Amazing Machines

Amazing books about Amazing Machines

Amazing books about Amazing Machines

When we arrived in the UK for our recent holiday Nana had been out shopping to get her favourite (and only) grandchild some presents to make him feel at home.  One of the things she bought was a collection of 10 books called Amazing Machines by Tony Mitton and Ant Parker.

She knew that Thomas has a thing about cars and busses and lorries and stuff, so she was fairly certain she was on to a winner.  She could not have possibly known how popular the books have become, though, to the extent that they are now among the favourite books in our house.

There isn’t a story in the books, instead the writer tries to explain what the different machines do as well as showing the differences between for examples a diesel train and a steam engine.  And all of this s done through rhymes which have a great, catchy but simple rhythm.  Occasionally the rhymes are a bit forced, but that is probably to be expected when you are limiting yourself to this extent.  At the moment I am reading them aloud, but there is enough in these books that I can see them being read by a kid of 5 or 6 on their own.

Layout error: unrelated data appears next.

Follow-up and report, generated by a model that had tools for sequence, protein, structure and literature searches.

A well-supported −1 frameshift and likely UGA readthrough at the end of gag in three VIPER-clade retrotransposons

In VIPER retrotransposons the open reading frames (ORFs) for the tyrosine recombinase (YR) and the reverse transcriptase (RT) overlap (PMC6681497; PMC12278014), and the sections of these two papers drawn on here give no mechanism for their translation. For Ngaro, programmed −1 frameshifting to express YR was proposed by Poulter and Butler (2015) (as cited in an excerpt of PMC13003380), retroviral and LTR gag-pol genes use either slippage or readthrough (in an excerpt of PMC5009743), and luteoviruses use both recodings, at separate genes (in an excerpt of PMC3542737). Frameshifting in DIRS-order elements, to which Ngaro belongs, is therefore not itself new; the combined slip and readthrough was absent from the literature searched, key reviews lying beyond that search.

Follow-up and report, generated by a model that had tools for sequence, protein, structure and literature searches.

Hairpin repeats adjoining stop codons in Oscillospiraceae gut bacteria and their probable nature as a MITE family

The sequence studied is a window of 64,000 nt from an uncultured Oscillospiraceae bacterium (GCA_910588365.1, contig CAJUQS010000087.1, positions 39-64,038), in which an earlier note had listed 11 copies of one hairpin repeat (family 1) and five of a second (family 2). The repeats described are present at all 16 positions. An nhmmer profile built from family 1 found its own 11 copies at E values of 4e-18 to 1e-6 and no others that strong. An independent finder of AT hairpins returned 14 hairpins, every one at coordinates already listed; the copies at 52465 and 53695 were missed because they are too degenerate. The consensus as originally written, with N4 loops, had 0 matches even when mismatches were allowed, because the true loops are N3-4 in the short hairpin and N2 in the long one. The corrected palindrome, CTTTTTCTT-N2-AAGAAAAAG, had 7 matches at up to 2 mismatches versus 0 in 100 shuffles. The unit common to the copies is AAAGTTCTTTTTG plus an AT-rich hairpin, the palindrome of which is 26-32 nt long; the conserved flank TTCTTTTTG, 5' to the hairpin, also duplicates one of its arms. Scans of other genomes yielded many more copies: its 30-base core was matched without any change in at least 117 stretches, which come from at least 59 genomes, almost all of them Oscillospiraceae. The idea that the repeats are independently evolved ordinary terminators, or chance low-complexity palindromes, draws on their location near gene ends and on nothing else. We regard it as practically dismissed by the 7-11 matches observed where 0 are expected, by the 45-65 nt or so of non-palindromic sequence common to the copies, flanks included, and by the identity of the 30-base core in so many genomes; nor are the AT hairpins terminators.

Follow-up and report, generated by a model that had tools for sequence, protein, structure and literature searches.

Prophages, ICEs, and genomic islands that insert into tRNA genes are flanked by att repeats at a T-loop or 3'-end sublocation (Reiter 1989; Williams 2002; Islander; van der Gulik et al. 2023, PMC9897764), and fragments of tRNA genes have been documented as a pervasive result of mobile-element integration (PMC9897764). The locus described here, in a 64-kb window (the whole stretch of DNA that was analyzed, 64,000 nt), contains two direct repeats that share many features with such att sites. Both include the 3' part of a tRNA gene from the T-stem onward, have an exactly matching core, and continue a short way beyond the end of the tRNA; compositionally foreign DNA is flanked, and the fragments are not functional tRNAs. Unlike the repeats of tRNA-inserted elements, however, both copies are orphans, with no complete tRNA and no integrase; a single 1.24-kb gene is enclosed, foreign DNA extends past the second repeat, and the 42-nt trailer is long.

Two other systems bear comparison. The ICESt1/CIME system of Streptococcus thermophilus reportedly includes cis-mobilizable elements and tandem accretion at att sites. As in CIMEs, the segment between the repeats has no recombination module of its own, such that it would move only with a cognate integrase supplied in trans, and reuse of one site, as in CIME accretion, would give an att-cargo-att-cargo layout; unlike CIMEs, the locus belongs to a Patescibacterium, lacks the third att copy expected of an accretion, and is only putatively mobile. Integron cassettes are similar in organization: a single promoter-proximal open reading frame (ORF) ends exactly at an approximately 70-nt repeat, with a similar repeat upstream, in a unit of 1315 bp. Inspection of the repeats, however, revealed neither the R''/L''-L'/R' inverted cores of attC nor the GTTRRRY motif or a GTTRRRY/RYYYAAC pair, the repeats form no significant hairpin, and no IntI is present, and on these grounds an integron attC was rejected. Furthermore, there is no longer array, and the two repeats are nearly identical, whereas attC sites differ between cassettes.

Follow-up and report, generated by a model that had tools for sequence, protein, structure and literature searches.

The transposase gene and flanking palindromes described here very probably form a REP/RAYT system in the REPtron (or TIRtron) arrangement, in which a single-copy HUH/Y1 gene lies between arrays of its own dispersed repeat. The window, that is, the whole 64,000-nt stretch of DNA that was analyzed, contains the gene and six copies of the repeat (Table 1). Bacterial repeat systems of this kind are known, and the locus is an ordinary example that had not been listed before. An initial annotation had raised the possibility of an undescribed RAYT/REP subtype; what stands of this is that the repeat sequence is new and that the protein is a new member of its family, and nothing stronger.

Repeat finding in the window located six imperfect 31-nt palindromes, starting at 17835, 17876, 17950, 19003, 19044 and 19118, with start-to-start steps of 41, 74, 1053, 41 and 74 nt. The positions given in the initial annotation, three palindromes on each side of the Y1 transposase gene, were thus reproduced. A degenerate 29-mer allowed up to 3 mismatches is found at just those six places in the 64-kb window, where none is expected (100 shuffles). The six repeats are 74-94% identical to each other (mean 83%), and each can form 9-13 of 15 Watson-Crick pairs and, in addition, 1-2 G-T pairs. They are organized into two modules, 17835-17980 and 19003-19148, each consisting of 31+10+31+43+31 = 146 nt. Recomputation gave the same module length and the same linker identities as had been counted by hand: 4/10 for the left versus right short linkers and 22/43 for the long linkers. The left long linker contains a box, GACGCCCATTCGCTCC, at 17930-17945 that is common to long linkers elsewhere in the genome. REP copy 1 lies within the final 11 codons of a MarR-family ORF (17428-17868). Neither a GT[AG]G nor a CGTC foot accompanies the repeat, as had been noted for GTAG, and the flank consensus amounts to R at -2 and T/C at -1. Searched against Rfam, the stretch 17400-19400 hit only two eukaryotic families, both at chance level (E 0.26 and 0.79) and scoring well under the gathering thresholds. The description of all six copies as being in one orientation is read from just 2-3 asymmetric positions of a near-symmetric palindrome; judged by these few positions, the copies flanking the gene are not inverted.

All of the books are illustrated with bold pictures and vivid colours.  There is a collection of animals that drive the trucks, put out the fires and fly the rockets.  There is enough going on in each of the pictures to be able to ask questions about them, for example ‘who’s driving the red tractor?’ or ‘where’s the sheep?’  but they aren’t too busy to be a distraction.

The last page of each book has a mini picture dictionary with some of the items introduced in the book and a brief description of what they are used for.  The books also come with a CD with the stories read aloud, but I haven’t used this yet.